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    New law makes top California transit agencies survey riders about harassment
    • October 10, 2023

    California’s top 10 public transit agencies must survey riders about safety, sexual harassment, and racial and gender-based discrimination in order to learn more about threats to riders of buses and trains, according to new requirements spelled out in legislation signed into state law.

    Senate Bill 434 by state Sen. Dave Min (D-Irvine), signed by Gov. Gavin Newsom on Oct. 7, orders transit agencies to find out what kind of harassment, threats, assaults or fear riders experience — and on what lines or bus routes. A key focus would be on women of color including Asian-American Pacific Islanders (AAPI), the elderly, and members of the LGBTQ+ community.

    The information would be used to address safety issues ranging from street harassment that can cause people of color and women to avoid public transit entirely, to threats and hate crimes. Supporters say the new law will result in a better understanding of under-reported harassment incidents, and allow agencies to target the problem with resources.

    Supporters say that keeping track of incidents will give victims a voice. The emphasis could raise ridership of women from those subgroups. Female ridership on LA Metro buses fell from 53% in early 2020 to 49% in 2022, according to a survey taken from March to May of 2022. And female ridership on trains dropped from 46% to 44%.

    “Millions of Californians refuse to ride public transit in this state because they do not feel safe,” said Sen. Min in a prepared statement. “From acts of anti-Asian hate to verbal harassment, a growing number of women, seniors, LGBTQ+ and other vulnerable communities too often ride in fear or have left our public transit systems altogether. I’m proud to say that we are finally taking action to address street harassment and putting in place data driven policies that put ridership experience first.”

    The agencies involved are Orange County Transportation Authority (OCTA), LA Metro, Long Beach Transit, City of Los Angeles Department of Transportation (LADOT), San Francisco Muni, Bay Area Rapid Transit Authority (BART), Alameda-Contra Costa Transit District (AC Transit), Santa Clara Valley Transportation Authority, Sacramento Regional Transit District and San Diego Metropolitan Transit System.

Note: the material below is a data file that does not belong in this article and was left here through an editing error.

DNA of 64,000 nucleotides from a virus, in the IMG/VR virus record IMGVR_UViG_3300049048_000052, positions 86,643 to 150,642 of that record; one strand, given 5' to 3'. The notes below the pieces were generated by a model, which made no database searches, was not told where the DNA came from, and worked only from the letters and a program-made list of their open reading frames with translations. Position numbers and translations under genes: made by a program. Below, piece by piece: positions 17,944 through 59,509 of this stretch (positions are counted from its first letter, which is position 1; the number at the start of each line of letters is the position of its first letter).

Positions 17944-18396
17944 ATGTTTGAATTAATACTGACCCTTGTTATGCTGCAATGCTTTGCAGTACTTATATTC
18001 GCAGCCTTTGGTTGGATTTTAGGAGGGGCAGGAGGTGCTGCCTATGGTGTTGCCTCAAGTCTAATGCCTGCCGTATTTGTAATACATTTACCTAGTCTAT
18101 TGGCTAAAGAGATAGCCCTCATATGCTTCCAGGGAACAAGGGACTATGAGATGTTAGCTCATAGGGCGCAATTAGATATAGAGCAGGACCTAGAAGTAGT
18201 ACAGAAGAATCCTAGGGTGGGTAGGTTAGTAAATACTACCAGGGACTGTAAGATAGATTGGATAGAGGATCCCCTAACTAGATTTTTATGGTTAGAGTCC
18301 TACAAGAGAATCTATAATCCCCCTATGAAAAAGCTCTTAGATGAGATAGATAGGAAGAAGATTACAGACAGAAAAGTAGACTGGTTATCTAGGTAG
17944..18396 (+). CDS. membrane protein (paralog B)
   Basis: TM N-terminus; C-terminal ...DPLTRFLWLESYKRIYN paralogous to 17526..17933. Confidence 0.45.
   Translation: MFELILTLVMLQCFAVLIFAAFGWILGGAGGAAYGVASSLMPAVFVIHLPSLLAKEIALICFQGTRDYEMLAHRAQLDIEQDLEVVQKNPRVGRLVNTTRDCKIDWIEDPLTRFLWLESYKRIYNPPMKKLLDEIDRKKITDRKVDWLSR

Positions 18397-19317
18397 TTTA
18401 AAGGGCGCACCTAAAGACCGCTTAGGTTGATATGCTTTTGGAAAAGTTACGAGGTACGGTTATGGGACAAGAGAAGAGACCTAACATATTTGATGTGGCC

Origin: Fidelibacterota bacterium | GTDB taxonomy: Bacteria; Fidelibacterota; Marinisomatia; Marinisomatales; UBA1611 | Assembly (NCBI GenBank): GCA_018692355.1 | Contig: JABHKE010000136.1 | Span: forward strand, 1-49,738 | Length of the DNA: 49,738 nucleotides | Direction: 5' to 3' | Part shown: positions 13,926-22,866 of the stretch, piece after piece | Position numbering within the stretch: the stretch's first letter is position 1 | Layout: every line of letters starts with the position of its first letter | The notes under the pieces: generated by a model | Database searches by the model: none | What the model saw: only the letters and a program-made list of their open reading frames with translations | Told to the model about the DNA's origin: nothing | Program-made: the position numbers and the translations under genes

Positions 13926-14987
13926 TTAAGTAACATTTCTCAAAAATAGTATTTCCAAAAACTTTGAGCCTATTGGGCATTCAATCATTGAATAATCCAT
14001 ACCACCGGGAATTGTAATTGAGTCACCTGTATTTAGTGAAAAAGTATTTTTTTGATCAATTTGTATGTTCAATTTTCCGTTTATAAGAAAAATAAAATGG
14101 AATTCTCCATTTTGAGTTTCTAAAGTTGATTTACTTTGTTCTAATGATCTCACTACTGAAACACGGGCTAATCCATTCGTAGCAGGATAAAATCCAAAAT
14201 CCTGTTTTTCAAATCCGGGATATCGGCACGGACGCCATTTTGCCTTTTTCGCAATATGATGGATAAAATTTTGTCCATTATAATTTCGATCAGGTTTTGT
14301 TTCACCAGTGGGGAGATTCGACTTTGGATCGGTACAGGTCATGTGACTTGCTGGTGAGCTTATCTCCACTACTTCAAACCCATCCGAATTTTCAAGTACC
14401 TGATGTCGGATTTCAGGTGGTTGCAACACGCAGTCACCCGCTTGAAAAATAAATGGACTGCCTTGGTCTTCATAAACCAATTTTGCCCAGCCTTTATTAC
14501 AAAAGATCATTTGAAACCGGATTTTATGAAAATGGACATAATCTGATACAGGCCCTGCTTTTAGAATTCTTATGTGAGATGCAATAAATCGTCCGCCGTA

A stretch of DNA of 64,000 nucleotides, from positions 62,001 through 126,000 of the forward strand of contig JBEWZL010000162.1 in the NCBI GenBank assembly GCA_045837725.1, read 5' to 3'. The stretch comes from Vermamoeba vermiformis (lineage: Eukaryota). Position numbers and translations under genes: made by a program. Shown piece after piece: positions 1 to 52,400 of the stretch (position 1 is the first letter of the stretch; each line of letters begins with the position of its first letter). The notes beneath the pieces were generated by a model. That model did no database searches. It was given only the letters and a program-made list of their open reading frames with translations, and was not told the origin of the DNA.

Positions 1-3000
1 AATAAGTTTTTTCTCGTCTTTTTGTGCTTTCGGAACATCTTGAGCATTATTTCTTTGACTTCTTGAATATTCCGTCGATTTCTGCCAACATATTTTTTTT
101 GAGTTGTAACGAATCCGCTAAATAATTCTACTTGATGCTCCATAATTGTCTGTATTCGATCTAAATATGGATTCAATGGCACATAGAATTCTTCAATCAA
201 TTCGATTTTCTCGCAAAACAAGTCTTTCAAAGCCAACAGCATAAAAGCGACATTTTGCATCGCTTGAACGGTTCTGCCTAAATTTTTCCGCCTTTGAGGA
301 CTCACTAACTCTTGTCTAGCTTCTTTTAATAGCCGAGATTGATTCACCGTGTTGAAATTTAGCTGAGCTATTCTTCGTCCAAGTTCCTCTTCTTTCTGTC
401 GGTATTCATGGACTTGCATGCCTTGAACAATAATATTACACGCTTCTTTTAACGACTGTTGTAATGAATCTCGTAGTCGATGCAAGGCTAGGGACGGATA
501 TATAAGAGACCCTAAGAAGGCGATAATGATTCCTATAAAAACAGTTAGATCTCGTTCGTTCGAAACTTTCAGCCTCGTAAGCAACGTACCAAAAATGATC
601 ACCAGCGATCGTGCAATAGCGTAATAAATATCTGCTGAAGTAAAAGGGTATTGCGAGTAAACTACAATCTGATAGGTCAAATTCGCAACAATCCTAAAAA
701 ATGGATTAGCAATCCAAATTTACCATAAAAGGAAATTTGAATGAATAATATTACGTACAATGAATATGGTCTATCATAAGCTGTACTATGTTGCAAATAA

“The numbers don’t lie. A staggering 77% of women experience sexual harassment in public spaces, and almost a third of that harassment occurs on mass transit,” said Min in a press release. “Additionally, the AAPI community has seen a surge in hate incidents in public spaces, many occurring on our public transit systems.”

    SB 434 will work in tandem with a bill by Min from 2022 that tapped the Mineta Transportation Institute at San Jose State University to create a survey about transit safety, which transit agencies will distribute and administer. Using this institute’s survey can save the agencies money while helping them collect data on harassment and hate incidents. In turn, that can lead to better solutions to the problem, supporters say.

    “Too often, our communities are facing verbal harassment, being called racial or sexualized slurs. Thee experiences make it less likely for us to take public transit,” said Candice Cho, managing director of policy and counsel at AAPI Equity Alliance in Los Angeles.

    Cho told of waiting for a bus after a Hollywood Bowl performance and being called racial and sexually-explicit names by a man at the bus stop. She chose to take a ride-sharing service to her home instead of public transit, she said.

    “I had the means to do that. But that is not always an option for people in our community who have to put up with this,” Cho said on Monday, Oct. 9.

    She said while some transit agencies survey their riders, many do not report sexual or racial harassment. She said often a law enforcement officer would say that wasn’t a crime.

    “By requiring transit operators to collect this information, Asian-American riders, and other riders can be heard,” she said. “You can’t fix what you don’t measure.”

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    ​ Orange County Register